Judge says governor can decide how to spend COVID funds without legislative approval

  • Gov. Chris Sununu Courtesy photo

Monitor staff
Published: 10/14/2020 5:28:52 PM

A Superior Court judge sided with Gov. Chris Sununu over Democratic legislators Tuesday in a long-running dispute over who gets authority to spend federal COVID-19 stimulus dollars.

In an order issued Tuesday morning, Judge David Anderson of the Hillsborough District Court denied an attempt by two top Democratic lawmakers to force Sununu to get legislative approval before spending $1.25 billion in COVID-19 federal relief money.

That sum of money came from the CARES Act, a bill passed by Congress and signed by President Donald Trump in March, in the early days of the COVID-19 pandemic. Each state was given a minimum of $1.25 billion to spend on programs to fight the coronavirus and the economic impact of shutting down many businesses in the state.

The money came with broad flexibility as to how states could spend it. Quickly, Sununu formed the Governor’s Office for Emergency Relief and Recovery (GOFERR), comprised of a team of state officials that would make spending decisions for how to allocate the money.

Democrats, who have majorities in the state House and Senate, tried early on to insert the Legislature into the spending process, arguing that the joint House and Senate Fiscal Committee shoud have approval power over the spending of the money.

But Sununu, a Republican, rebuffed that effort, arguing the money needed to be allocated quickly and that because the money is federal grant money at a time of emergency, the executive branch was authorized to spend it unilaterally. The governor set up a bipartisan panel of lawmakers to hear from stakeholders and make recommendations. Those recommendations were not binding on the GOFERR office.

In April, before the $1.25 billion had officially arrived, two Democrats sued to attempt to establish legislative oversight over how the money would be distributed: Manchester Sen. Lou D’Allesandro, chairman of the Senate Finance Committee and Concord Rep. Mary Jane Wallner, chairwoman of the House Finance Committee and the Joint Fiscal Committee. They argued that the traditional process for spending or transferring federal grant money – executive branch agencies bring it to the Fiscal Committee and sometimes the Executive Council for approval – should be followed for the COVID relief.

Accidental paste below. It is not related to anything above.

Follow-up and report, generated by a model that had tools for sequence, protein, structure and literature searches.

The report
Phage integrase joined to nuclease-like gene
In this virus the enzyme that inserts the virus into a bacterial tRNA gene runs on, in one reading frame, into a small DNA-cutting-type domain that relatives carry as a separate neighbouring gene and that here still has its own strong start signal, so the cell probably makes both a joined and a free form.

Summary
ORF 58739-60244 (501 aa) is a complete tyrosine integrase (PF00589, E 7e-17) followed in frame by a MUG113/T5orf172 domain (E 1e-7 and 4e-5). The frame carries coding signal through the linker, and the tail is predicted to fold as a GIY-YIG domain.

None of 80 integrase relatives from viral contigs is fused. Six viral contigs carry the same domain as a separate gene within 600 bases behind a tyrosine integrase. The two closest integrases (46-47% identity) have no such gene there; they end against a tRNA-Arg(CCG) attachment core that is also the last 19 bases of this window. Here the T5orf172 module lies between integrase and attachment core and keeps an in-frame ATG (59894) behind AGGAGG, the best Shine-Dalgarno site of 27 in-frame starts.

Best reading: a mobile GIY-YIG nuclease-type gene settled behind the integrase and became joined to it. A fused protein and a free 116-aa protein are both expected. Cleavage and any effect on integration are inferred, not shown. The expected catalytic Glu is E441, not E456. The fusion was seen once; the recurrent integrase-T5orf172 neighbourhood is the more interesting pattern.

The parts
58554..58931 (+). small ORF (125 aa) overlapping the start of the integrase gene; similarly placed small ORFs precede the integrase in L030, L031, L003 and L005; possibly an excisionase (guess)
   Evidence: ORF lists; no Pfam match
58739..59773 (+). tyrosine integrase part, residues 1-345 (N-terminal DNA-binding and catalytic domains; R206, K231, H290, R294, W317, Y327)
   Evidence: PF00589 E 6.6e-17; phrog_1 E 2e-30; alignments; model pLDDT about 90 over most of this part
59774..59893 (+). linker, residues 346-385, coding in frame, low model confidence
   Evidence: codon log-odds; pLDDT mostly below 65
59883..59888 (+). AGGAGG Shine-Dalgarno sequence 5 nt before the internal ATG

But the Democrats’ hopes for a quick court order were dashed early on. On April 22, Anderson dismissed the case for lack of standing, holding that the alleged harm was connected to the institution, not the individuals.

On Tuesday, Anderson went further, holding that the Sununu administration was within its rights to spend the money unilaterally due to an existing statute, RSA 21-P:43, that allow the state political bodies including the governor’s office to spend “gifts grants, and loans” from the federal government.”

In a statement reacting to the order, Sununu said that the court’s decision not to force legislative input had allowed the aid money to flow out much faster.

As of October, six months after the creation of GOFERR, about a billion dollars of the $1.25 billion has been spent or allocated into programs, with tranches going toward initiatives ranging from rental assistance programs to relief for business, non-profits, hospitals and farms.

“Had the Democrats won this case six months ago, our COVID relief efforts would have stalled, negatively impacting every citizen of our state,” Sununu said in a statement, calling himself “thankful” for the ruling Tuesday.

But the Democratic lawmakers who brought the lawsuit called the court order “a blow to our Constitution’s promise of balanced government which guarantees that the Legislature, as the people’s representatives, transparently decides how taxpayer dollars are spent.”

“New Hampshire is stronger when we all work together; that’s why it is disappointing that Governor Sununu continues to cut the Legislature out of New Hampshire’s recovery efforts,” they said.

Lawmakers on the GOFERR advisory panel are now working to recommend how the final amount gets spent before Dec. 31, when all CARES act money not yet spent will revert back to the federal government.

On Tuesday, the legislative advisory board appeared to lean towards spending some of the remaining funds toward schools to help plug budget holes in response to a loss in funding from the Federal Emergency Management Agency.




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